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The Girl in the Lion Cage: Regulating Hypnotism in Nineteenth Century France

Air date: Thursday, February 27, 2020, 2:00:00 PM
Time displayed is Eastern Time, Washington DC Local
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Description: NLM History of Medicine

In 1890 in the southern French town of Beziers, a ”carnival hypnotizer” put a sleeping young girl, one “Miss Sperling,” in a lion’s cage, in an effort to demonstrate how profound – and authentic – her hypnotic trance was. The awe of the assembled crowd soon turned to horror, however, as the lion seized “Miss Sperling” in its jaws, parading her around the cage. The victim was eventually extracted and taken to the hospital but soon died from the injuries she sustained. This incident was just one of a number of stories circulating in the French press in the late nineteenth century that vividly demonstrated the dangers of the popular hypnotism shows that captivated audiences across the European continent. Doctors seized on such episodes to argue that the practice of hypnotism should be limited to medical professionals who alone could be trusted with the power to control the minds of others. In some European nations—Belgium and Switzerland, for example, and in some Italian towns—their efforts were successful. In France, however, despite the urging of the powerful neurologist and psychologist Jean-Martin Charcot, efforts to regulate popular hypnotism failed. This paper, based largely on French nineteenth century medical journals and the writings of Charcot, explores the debates surrounding popular hypnotism. It argues that the failure to regulate the practice in late nineteenth-century France reveals conflicts over the authority of professional medicine, the changing role of women, and deep cultural anxiety about the power of the unconscious mind.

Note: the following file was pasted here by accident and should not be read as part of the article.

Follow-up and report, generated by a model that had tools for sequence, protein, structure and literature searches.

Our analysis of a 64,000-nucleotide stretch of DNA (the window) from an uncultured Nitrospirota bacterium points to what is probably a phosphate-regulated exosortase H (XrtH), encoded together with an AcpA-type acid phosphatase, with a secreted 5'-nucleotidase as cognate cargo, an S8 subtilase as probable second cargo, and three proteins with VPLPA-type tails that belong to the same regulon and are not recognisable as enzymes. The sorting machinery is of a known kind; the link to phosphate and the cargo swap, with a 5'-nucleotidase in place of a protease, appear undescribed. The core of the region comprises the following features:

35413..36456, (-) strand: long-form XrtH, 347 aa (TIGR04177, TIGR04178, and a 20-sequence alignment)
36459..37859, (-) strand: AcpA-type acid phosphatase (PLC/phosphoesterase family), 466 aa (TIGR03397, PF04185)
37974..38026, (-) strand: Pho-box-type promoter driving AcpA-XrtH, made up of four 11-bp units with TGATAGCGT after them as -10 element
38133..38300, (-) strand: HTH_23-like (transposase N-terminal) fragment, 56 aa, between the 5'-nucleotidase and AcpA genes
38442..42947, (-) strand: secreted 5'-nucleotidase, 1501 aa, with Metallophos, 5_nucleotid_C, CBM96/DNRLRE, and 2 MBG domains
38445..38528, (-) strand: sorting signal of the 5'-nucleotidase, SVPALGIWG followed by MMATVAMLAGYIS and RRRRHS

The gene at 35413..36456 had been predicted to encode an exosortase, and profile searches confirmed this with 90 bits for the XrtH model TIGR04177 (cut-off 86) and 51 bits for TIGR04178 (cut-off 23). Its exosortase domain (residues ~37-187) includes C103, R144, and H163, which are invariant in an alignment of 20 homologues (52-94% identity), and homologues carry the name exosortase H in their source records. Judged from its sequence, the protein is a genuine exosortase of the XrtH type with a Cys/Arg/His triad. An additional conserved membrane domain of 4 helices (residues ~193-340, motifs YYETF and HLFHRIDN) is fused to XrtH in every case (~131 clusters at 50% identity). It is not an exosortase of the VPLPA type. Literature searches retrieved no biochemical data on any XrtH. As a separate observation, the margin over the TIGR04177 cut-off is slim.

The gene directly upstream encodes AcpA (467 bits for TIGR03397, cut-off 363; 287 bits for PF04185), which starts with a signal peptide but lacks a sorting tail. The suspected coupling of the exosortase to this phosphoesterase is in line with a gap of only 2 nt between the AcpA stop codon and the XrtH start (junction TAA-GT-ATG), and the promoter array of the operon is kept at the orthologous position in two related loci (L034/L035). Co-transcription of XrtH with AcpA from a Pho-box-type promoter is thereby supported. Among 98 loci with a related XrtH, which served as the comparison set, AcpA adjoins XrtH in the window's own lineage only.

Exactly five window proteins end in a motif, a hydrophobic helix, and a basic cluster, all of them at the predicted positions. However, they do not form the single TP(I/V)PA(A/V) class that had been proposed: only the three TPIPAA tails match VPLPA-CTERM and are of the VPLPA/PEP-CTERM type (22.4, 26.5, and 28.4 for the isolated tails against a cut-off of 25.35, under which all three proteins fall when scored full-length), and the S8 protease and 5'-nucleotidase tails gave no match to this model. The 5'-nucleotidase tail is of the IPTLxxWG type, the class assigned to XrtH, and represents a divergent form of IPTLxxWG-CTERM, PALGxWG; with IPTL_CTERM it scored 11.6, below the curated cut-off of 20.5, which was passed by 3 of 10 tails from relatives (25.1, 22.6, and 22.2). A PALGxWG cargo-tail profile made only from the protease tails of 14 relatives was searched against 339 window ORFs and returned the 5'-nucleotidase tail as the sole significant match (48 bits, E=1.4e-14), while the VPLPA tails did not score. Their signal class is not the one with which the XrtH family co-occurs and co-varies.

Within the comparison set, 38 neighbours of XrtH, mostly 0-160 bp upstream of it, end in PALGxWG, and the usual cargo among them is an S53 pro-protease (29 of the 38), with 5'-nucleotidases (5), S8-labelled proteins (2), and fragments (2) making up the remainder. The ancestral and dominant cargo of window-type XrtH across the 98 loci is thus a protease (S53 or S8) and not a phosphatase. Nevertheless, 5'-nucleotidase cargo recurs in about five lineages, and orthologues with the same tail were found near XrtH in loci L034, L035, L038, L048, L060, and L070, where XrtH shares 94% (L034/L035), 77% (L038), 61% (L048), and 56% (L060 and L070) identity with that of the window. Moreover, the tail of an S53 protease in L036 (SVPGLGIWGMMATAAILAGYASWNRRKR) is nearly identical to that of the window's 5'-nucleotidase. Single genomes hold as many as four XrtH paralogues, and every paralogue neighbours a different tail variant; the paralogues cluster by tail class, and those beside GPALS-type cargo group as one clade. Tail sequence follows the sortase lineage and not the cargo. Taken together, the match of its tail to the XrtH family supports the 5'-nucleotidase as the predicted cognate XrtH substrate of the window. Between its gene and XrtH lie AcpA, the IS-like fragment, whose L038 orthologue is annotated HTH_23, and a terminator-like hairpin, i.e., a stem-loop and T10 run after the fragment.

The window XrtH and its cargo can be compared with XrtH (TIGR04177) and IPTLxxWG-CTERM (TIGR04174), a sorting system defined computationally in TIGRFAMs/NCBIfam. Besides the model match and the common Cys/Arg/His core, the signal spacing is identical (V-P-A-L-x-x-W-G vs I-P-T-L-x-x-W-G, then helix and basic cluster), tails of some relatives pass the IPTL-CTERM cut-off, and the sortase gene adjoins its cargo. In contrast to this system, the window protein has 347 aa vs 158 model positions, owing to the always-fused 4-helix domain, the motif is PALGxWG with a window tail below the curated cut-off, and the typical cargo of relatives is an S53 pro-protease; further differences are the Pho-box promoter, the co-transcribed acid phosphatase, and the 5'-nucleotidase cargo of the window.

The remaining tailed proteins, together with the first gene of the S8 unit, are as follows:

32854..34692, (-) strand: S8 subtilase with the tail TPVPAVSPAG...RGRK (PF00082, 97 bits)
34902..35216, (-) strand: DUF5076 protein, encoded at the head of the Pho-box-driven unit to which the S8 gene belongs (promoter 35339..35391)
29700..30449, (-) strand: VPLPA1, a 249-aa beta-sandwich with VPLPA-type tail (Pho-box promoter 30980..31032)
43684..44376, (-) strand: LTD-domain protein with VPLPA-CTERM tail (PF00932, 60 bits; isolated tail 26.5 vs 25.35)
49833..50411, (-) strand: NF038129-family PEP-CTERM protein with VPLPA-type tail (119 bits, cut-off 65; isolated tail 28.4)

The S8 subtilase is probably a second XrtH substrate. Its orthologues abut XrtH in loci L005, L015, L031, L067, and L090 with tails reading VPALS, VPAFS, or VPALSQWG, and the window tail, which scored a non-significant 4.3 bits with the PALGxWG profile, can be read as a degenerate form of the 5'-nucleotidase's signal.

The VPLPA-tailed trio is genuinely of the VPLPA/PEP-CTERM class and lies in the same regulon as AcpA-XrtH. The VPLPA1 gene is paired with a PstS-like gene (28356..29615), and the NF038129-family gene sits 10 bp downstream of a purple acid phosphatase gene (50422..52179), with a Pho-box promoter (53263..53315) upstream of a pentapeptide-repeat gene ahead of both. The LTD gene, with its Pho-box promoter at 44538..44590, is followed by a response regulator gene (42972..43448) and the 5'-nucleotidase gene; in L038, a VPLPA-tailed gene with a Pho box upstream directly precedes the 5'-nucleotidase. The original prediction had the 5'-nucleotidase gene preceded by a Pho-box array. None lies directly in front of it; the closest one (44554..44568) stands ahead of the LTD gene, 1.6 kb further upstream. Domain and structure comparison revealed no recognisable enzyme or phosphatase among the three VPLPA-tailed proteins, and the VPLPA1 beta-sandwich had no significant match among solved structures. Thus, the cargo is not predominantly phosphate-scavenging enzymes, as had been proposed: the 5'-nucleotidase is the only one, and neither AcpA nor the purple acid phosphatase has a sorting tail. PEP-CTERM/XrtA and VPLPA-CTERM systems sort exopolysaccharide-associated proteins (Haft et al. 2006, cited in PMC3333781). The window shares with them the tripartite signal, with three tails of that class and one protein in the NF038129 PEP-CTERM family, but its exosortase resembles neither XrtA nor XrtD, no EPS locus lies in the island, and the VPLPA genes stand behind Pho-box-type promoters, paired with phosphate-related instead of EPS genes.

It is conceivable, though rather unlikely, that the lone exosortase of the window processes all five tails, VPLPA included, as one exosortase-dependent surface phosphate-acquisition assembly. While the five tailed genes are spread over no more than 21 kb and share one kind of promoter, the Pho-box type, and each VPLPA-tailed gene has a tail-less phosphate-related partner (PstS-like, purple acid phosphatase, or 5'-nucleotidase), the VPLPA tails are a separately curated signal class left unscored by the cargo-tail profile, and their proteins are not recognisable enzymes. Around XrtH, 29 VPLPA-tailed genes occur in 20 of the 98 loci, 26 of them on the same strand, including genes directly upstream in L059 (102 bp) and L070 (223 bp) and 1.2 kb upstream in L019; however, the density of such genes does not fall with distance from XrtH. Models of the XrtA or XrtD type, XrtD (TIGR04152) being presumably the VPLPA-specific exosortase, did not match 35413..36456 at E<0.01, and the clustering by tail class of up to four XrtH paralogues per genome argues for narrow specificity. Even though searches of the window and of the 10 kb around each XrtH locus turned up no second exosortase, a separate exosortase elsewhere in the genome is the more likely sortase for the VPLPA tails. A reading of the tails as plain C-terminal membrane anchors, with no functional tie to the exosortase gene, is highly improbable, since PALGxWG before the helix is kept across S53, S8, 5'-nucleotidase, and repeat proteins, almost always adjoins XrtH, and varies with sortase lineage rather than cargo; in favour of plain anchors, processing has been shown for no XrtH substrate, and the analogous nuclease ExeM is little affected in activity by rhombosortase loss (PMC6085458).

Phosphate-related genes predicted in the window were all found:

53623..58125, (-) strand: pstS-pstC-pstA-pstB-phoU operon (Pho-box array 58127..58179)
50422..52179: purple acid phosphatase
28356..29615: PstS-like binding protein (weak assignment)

Author: Katrin Schultheiss, Ph.D., George Washington University
Runtime: 1 hour